SFU's NFS server component acts as the intermediary between a UNIX client and NT file services, so the NFS server can access any file system type that both the UNIX and NT systems can access, such as FAT, High-Performance File System (HPFS), CD-ROM File System (CDFS), and NTFS. The NFS server performs translations on NT machines, so clients aren't aware of what file system their system is accessing. In addition, the NFS server performs the conversion between UNIX and NTFS permissions. UNIX usually offers only read, write, and execute permissions to the owner, group, and any other users. NT uses ACLs to handle permissions. The SFU NFS server must convert back and forth between NT and UNIX permissions. The NFS server maps the UNIX permissions to the NT Security Descriptor, based on rules that depend on which direction the NFS server is converting.

Licensing. An important distinction between the client and server versions is their licensing policies. The client version is valid only for the machine on which you install SFU, which means you have unlimited access to UNIX machines. SFU's server component licensing permits an unlimited number of clients access to the NFS server as long as each client has an NT Server Client Access License (CAL) for that server.

In addition, SFU licensing depends on the system you install SFU on. For example, the NT Workstation license limits you to 10 client connections, so the same applies to the NFS server component. However, NT Server limits you to the number of CALs you have. Table 1 outlines Microsoft's licensing policy for SFU components.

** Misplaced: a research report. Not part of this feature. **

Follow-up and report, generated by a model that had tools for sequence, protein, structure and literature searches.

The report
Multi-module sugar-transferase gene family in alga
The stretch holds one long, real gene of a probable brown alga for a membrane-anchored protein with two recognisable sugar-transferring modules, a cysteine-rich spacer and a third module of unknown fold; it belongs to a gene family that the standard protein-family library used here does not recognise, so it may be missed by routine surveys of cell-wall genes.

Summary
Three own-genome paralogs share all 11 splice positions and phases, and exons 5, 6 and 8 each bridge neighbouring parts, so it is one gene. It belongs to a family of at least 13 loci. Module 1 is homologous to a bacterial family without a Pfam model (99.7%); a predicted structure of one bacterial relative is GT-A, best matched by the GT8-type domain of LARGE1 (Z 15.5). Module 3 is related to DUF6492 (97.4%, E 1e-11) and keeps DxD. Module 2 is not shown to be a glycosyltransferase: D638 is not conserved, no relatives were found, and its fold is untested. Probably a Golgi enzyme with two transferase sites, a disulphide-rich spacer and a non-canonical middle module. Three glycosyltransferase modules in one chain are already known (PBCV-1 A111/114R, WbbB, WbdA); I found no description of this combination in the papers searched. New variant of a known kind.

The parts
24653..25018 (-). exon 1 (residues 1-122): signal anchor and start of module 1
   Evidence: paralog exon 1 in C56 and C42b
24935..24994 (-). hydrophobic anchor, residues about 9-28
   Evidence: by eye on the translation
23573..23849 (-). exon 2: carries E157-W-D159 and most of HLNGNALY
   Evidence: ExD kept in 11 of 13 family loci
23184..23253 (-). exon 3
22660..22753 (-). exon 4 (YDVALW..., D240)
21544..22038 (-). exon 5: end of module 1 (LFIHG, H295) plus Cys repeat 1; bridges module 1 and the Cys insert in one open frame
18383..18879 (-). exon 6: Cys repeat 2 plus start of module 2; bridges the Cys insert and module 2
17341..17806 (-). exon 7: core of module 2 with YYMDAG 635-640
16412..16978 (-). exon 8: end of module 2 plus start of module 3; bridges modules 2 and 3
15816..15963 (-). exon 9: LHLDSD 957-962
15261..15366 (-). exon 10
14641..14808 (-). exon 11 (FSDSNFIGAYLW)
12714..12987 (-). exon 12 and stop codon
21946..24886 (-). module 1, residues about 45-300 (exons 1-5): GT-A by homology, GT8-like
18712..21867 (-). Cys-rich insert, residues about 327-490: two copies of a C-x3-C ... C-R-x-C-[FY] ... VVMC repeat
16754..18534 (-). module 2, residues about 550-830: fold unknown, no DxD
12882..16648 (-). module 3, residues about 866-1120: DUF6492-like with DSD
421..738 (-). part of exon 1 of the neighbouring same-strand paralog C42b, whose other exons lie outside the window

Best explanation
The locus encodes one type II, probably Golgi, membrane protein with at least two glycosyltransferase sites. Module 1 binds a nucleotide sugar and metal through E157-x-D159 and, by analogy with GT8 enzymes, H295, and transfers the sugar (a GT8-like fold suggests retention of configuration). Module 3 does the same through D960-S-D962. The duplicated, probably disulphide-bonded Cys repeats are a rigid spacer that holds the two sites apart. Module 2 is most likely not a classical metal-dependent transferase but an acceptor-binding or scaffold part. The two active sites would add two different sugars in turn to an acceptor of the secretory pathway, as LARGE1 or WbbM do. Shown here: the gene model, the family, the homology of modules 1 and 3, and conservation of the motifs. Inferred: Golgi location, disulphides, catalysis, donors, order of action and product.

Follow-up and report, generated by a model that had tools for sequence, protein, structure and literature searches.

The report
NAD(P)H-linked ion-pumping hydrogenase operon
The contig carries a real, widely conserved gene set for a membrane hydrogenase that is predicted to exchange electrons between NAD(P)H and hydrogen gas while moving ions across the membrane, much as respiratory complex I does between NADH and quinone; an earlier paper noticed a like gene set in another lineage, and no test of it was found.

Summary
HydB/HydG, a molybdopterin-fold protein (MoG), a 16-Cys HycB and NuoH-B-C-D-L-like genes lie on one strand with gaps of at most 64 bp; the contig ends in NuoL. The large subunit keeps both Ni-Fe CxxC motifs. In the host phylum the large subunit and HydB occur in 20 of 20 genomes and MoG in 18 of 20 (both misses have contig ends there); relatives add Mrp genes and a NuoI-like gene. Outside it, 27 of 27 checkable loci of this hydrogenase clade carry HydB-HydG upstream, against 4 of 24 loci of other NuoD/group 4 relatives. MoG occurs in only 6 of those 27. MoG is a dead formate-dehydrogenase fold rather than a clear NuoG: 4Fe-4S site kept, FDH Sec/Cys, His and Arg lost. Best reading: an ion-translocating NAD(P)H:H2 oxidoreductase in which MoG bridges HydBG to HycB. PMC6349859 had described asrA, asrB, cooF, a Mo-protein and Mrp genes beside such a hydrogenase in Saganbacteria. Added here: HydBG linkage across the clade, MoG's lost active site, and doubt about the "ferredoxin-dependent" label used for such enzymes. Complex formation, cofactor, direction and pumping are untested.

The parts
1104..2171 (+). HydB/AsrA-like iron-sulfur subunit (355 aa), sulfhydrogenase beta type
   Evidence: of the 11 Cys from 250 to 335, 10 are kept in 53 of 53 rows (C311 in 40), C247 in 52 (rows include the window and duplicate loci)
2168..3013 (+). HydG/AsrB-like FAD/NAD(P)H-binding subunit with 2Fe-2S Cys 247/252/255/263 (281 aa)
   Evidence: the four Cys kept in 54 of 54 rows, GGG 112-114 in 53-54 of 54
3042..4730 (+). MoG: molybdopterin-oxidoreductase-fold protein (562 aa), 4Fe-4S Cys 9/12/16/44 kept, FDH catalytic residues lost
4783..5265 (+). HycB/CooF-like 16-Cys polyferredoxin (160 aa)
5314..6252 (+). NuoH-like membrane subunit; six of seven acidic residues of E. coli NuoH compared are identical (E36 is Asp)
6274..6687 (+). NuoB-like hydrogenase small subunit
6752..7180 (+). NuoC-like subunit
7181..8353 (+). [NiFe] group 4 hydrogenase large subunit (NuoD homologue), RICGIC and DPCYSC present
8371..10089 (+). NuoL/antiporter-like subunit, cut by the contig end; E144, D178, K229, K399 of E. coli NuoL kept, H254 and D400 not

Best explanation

Gateway services. SFU 2.0 includes an NFS gateway that you install on a Windows 2000 (Win2K) or NT server. This gateway mounts NFS resources from UNIX machines. The resources appear as standard Windows shares. You can share these resources with other Windows machines, including NT Workstation and Win9x systems, without installing the SFU NFS client component on each machine.

Password Synchronization
A major problem in a mixed environment is the need for different passwords on different systems. In a pure NT environment, you can use the NT domain architecture's features to provide one user account and password, creating a single sign-on (SSO) that is valid throughout your company. In a UNIX environment, you can use NIS to synchronize passwords across multiple UNIX machines. However, in the past, synchronizing passwords between NT and UNIX has been difficult.

In SFU 1.0, Microsoft provides an intermediate step to synchronize NT and UNIX passwords rather than fully integrate NT into the UNIX NIS system. SFU 1.0's password-synchronization method works in only one direction—SFU automatically propagates changes you make on an NT machine to a UNIX machine. You can designate a group of UNIX machines (i.e., a pod) that will receive the synchronized password. Passwords must comply with the password rules you define for the NT machine, ensuring a consistent password policy.

SFU 2.0 includes several command-line tools (e.g., ypcat, yppush) that let you directly manage NIS. This functionality includes the ability for an NT server to be a master NIS server in your NIS domain. In addition, a Win2K machine can serve as both an NIS domain master and a Win2K domain master. This capability is partly a result of SFU's inclusion of an NIS source-file migration wizard, which lets you integrate NIS information into Win2K's Active Directory (AD). After you integrate NIS information into AD, you can manage all users through AD.

However, if your UNIX machines don't support NIS or don't have it configured, SFU 2.0 lets you use the SFU 1.0 method to synchronize passwords. You can synchronize passwords by sending them in clear text or encrypted. Sending clear-text passwords lets you synchronize with most UNIX versions because clear-text passwords require only that you properly configure the .rhosts file on the UNIX machine. Sending encrypted passwords requires you to install the single sign-on daemon (SSOD) on the UNIX machines. The SSOD isn't available for all UNIX versions, so sending encrypted passwords is a limiting factor. As of this writing, the SSOD is available in executable format for only HP-UX, Sun Solaris, and Digital UNIX. However, Microsoft plans to support other UNIX versions, including Linux.